US Needs ‘Comprehensive Legislation’ to Address AI Risks, Says Senate Majority Leader Schumer

US Senate Majority Chuck Schumer on Wednesday called for “comprehensive legislation” to advance and ensure safeguards on artificial intelligence (AI) and will hold a series of forums later this year.

“If the government doesn’t step in, who will fill its place? Individuals and the private sector can’t do the work of protecting our country,” Schumer said.

He pledged to convene the “top minds in artificial intelligence” starting in September to join a “series of AI Insight Forums that will begin laying down a new foundation for AI policy.”

Governments around the world are considering how to mitigate the dangers of the emerging technology and US lawmakers are increasingly urging quick action to address risks. The surging popularity of so-called generative AI, which uses data to create new content like ChatGPT’s human-sounding prose, could remake human society.

In April, Schumer circulated a framework outlining a new regulatory regime to “prevent potentially catastrophic damage to our country while simultaneously making sure the US advances and leads in this transformative technology.”

Schumer warned Wednesday “If we don’t set the norms for AI’s proper uses, others will. The Chinese Communist Party, which has little regard for the norms of democratic governance, could leap ahead of us and set the rules of the game for AI.”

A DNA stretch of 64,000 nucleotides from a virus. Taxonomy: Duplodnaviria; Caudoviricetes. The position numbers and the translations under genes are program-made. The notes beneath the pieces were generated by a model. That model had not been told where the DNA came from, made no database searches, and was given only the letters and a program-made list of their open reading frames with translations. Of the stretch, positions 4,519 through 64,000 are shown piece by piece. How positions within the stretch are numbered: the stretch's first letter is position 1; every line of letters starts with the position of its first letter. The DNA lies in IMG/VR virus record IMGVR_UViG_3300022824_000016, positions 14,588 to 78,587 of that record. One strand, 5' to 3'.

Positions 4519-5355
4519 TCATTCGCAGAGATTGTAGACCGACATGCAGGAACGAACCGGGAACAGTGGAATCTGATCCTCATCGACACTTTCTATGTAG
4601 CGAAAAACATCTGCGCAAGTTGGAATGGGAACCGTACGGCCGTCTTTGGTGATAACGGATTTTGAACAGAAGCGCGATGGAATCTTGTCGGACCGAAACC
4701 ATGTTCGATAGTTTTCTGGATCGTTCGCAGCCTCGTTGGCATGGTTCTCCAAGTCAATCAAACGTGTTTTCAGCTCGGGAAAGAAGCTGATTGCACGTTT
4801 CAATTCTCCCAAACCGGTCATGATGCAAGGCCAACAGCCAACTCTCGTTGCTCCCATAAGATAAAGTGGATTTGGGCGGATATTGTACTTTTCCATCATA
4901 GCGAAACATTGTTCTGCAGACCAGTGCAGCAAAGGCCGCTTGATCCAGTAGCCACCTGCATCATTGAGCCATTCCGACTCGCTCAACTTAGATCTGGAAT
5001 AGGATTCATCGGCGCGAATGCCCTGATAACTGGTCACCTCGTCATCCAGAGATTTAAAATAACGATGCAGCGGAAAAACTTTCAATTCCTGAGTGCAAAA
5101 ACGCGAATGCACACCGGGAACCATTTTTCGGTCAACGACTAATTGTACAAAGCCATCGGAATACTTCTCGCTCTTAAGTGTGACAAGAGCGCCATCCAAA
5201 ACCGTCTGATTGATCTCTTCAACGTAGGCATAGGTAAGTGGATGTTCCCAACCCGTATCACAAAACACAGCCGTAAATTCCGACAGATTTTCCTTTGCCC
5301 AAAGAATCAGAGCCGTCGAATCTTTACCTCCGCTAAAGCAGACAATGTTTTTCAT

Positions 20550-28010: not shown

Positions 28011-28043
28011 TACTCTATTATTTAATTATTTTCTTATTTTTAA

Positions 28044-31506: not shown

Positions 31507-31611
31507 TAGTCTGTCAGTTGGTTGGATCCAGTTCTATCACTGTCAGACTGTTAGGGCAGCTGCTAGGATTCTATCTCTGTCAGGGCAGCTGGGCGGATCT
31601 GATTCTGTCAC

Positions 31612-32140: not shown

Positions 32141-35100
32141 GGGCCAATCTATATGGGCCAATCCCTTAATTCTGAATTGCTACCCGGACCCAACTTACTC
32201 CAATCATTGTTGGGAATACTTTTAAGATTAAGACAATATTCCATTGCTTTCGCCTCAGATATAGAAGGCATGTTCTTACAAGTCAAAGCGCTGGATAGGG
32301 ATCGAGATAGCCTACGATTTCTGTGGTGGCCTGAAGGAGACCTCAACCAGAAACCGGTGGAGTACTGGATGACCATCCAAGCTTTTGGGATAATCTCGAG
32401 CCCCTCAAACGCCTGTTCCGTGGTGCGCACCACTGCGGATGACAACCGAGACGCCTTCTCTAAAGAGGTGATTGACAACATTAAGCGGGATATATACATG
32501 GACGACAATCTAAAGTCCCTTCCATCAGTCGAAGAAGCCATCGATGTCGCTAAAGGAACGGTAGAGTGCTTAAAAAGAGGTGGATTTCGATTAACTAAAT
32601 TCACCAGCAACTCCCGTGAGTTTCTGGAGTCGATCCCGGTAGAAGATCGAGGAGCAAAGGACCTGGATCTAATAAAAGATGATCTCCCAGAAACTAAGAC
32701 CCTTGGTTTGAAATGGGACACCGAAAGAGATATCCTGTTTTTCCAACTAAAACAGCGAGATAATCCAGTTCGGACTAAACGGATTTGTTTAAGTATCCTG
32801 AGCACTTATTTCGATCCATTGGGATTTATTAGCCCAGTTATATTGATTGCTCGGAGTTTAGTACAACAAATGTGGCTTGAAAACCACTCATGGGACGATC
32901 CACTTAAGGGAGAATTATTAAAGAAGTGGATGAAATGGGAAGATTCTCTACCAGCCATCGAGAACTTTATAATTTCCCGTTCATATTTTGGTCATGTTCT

Congress is narrowly divided and has not reached any consensus on AI legislation.

“Even if many developers have good intentions, there will always be rogue actors, unscrupulous companies, and foreign adversaries that seek to harm us,” Schumer said. “And companies may not be willing to insert guardrails on their own, certainly if their competitors are not required to insert them as well.”

Schumer said AI is already disrupting the way tens of millions of people make a living

“Lower-skilled tasks will keep falling victim to automation at a faster and faster rate—displacing millions of low-income workers, many from communities of color,” Schumer said. “Trucking, manufacturing, and energy production could be next. And rest assured, those with college educations and advanced degrees won’t be safe either.”

President Joe Biden said Tuesday his administration “is committed to safeguarding Americans’ rights and safety while protecting privacy, to addressing bias and misinformation, to making sure AI systems are safe before they are released.”

In April, the CEOs of ChatGPT developer OpenAI, its backer Microsoft, and Alphabet met with Biden and other officials to discuss AI.

Congress should encourage not stifle innovation, Schumer will argue: “But if people don’t think innovation can be done safely, that will stifle AI’s development and even prevent us from moving forward.” 

© Thomson Reuters 2023 

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